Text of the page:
The Mathematical Universe
Following is an excerpt from
The Mathematical Universe
Fortunately, there is a higher form of mathematical humor that goes beyond mere puns. This commonly involves distortions of logic. The humor arises, after a moment's thought, from some sort of logical inconsistency. Mathematicians, whose scholarship is logic-driven, find it especially funny when the wheels come off.
We begin with an example from Polya. Looking back from late in his career, he reminisced about his lifelong affection for the discipline of philosophy and wrote: "Who is a philosopher? The answer is: A philosopher is one who knows everything and nothing else." This quip has the sort of logical convolution mathematicians find amusing.
Along similar lines is a comment made by the physicist Wolfgang Pauli. Pauli, who displayed brilliance and arrogance in roughly equal proportions, once disparaged a new colleague with the wonderfully twisted comment, "He's so young and already so unknown." Or consider Stephen Bock's Description of a sheltered man and his dreams: "Reading was something Jay knew about only from books, yet he was quite anxious to experience it for himself."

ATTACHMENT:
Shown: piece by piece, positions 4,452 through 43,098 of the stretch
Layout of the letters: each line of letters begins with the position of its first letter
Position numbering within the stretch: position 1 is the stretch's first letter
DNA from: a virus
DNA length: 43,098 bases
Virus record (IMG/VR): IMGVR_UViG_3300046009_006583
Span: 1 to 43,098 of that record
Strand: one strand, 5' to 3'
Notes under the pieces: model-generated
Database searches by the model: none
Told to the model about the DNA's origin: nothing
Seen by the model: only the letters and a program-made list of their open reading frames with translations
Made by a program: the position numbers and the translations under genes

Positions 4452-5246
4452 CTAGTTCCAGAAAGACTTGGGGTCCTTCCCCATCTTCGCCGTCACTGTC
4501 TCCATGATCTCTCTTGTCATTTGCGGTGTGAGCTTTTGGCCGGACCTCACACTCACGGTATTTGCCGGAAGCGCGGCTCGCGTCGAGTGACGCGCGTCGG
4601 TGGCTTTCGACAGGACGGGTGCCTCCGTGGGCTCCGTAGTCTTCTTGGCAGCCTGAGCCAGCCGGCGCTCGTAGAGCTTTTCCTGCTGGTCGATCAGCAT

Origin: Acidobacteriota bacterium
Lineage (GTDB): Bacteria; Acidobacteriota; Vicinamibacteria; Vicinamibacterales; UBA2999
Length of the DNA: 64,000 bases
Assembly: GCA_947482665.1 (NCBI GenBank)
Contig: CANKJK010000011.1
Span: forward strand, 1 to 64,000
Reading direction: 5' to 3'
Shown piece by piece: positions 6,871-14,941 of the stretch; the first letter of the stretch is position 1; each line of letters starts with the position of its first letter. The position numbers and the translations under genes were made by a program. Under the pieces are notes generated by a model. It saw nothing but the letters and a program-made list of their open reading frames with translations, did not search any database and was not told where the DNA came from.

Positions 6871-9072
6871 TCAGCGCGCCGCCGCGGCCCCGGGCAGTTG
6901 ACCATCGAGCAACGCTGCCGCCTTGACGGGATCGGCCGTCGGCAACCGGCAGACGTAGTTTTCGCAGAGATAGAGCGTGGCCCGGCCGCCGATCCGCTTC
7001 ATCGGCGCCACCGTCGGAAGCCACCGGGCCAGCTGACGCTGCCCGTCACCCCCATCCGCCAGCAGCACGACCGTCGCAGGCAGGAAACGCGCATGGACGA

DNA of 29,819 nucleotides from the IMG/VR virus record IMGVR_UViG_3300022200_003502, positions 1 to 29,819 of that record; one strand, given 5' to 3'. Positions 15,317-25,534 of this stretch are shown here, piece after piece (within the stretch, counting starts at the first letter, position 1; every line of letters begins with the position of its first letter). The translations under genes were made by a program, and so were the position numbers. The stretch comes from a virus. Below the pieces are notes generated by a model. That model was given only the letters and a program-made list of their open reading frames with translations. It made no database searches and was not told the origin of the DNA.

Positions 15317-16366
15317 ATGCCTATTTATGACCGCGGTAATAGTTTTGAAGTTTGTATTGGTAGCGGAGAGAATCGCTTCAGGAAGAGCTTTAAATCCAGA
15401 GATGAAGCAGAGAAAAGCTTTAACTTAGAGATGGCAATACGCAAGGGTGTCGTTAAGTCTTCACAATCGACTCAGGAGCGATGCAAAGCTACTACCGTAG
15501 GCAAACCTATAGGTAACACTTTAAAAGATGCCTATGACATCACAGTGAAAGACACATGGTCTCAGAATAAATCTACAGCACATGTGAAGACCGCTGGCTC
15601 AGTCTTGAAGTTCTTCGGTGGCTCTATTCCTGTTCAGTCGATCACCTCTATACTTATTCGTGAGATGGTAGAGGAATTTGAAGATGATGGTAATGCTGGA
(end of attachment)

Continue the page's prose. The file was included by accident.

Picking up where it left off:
The use - or misuse - of logic also figures in the story of mathematician Henry Mann who, it is told, drove himself and a group of colleagues to scientific meetings in Cincinnati. Unfamiliar with Cincinnati streets, Mann became ever more lost. His colleagues, although uneasy, remained silent until they realized he had turned the wrong way onto a one-way street. But Mann dismissed their warnings. This street could not possibly be one-way, he pointed out, since their car was heading in one direction and any number of vehicles were coming toward them in the other."
These are examples of logic turned on its head. The following story finds humor in the illogic of English pronunciation. The Polish mathematician Mark Kac immigrated to the United States and tried to master the sometimes inexplicable English language. Particularly vexing were those words that, although spelled with identical endings, were pronounced differently. For instance, the "ow" ending might be pronounced with a long 0, as in grow or know, yet the same ending is said very differently when it appears in cow or how. Of course, the word bow, with two different pronunciations, incorporates the worst of both worlds.